Lebanon will kick off on Wednesday the first in a series of forums abroad to showcase the country’s potential investment opportunities.
The first stop will be London for the Lebanon-U.K. Business and Investment Forum on Dec. 12, where Prime-Minister-designate Saad Hariri will be the keynote speaker.
“This is part of a series of roadshows to showcase and attract the international private sector to Lebanon,” said Nadim Munla, Hariri’s senior adviser, in a phone call to The Daily Star.
Next year will see other forums in Paris, Berlin, the United States, Japan and China, Munla added.
Wednesday’s forum will focus on the involvement of the U.K. private sector in two areas. One is its participation in tendering for certain public-private-partnership projects alone or with Lebanese companies as a consortium.
Another opportunity will be to execute projects included under the Capital Investment Plan presented at April’s CEDRE conference. Why Lebanon for the British investors? “There is a CIP in the amount of $17 billion, and British companies are looking for business. It’s infrastructural so the whole idea is rebuilding the infrastructure for Lebanon to be an attractive place for investment,” Munla said.
But Munla was quick to downplay the event as another donor conference. “It’s a continuation of CEDRE [in the sense that] we have said that about 40 percent of all projects will be done under PPP.”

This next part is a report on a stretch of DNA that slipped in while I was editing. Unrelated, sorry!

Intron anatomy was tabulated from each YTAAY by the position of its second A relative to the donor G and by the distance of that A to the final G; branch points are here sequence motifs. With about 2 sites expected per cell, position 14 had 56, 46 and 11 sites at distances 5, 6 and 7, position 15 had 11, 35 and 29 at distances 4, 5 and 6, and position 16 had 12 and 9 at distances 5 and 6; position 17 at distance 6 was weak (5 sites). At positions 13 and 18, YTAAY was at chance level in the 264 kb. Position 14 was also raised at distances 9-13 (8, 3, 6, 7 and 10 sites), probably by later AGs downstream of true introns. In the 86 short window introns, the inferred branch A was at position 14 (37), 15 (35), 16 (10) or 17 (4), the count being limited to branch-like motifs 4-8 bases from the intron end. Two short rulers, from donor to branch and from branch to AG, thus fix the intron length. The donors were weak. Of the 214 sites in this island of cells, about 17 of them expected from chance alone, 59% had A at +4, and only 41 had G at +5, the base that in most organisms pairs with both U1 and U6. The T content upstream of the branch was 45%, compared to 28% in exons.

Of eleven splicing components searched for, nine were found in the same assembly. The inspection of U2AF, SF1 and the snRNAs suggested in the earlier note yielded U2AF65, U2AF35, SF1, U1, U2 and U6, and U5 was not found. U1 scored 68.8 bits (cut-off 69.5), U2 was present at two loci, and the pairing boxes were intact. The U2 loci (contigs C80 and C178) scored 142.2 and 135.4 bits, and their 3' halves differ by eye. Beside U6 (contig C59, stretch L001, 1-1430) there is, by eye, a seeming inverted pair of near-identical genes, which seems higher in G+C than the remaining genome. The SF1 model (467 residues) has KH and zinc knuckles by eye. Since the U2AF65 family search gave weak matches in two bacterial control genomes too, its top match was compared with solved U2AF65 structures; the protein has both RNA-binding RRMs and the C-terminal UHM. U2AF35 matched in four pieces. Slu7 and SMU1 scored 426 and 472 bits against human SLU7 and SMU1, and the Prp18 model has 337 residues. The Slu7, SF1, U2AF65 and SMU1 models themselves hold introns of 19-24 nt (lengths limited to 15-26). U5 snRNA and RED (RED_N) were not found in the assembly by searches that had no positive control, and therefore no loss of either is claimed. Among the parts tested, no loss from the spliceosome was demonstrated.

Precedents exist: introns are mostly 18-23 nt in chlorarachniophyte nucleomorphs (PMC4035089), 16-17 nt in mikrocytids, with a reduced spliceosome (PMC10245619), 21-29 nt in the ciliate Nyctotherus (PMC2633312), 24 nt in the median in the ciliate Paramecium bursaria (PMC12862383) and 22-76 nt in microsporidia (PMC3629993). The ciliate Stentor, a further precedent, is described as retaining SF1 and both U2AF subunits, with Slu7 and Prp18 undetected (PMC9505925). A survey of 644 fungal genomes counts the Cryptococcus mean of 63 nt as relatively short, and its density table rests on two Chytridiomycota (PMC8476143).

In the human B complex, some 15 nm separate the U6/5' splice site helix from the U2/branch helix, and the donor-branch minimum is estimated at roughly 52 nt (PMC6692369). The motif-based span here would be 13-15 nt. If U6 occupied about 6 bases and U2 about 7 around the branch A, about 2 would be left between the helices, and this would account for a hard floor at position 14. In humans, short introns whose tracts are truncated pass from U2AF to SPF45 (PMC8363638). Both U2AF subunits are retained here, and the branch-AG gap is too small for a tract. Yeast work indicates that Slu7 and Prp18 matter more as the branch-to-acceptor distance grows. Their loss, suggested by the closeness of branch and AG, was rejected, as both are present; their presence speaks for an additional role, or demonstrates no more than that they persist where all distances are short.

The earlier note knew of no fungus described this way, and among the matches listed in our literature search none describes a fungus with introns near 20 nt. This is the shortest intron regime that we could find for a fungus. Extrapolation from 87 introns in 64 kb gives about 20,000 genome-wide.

He also revealed that “subjects over and above CEDRE” would be discussed. “Since we have a very good turnout … we’ll discuss what impact Brexit will have on the future Lebanese-U.K. economic relationship,” he said.
Lebanon believes the forum could spell a positive opportunity for increased exports to the U.K. “because of possibly easier or lesser restrictions than [those of] the European Union.”
Separately, the Lebanese energy minister will introduce the second round of oil and gas exploration to the participants. “We believe that there are some U.K. companies that are interested in [oil and gas] and the minister will basically encourage the U.K. companies to participate,” Munla said.
Central Bank Gov. Riad Salameh will also host a special panel with investors because, as Munla put it, “there has been a lot of talk of Eurobonds and the possible impact on the stability of the Lebanese pound.”
Non-Lebanese investors hold around $9 billion in the Lebanese sovereign Eurobonds, representing 11 percent of outstanding bonds.
The price of the Eurobonds has fallen in the secondary markets in the past few months due to political paralysis in the country and failure to form a Cabinet.
Lebanese officials and Munla himself said during CEDRE that projects would not start before 18 months, now further delayed by the government formation, which has entered its seventh month.
Munla said the formation deadlock has not impacted the forum. “It’s taking place in spite of the fact that there is no government. This was planned at least four months ago and the government delay did not affect this,” Munla said.
Wednesday’s forum will also be an opportunity for U.K. businesses and Lebanese companies to discuss forming joint ventures, “not only for projects in Lebanon, but also the reconstruction of Iraq and potentially, in due time, Syria.”
Many British officials are expected to attend the event, including Minister of State for the Middle East at the Foreign and Commonwealth Office Alistair Burt and Minister of State for Trade Policy George Hollingbery.
The Daily Star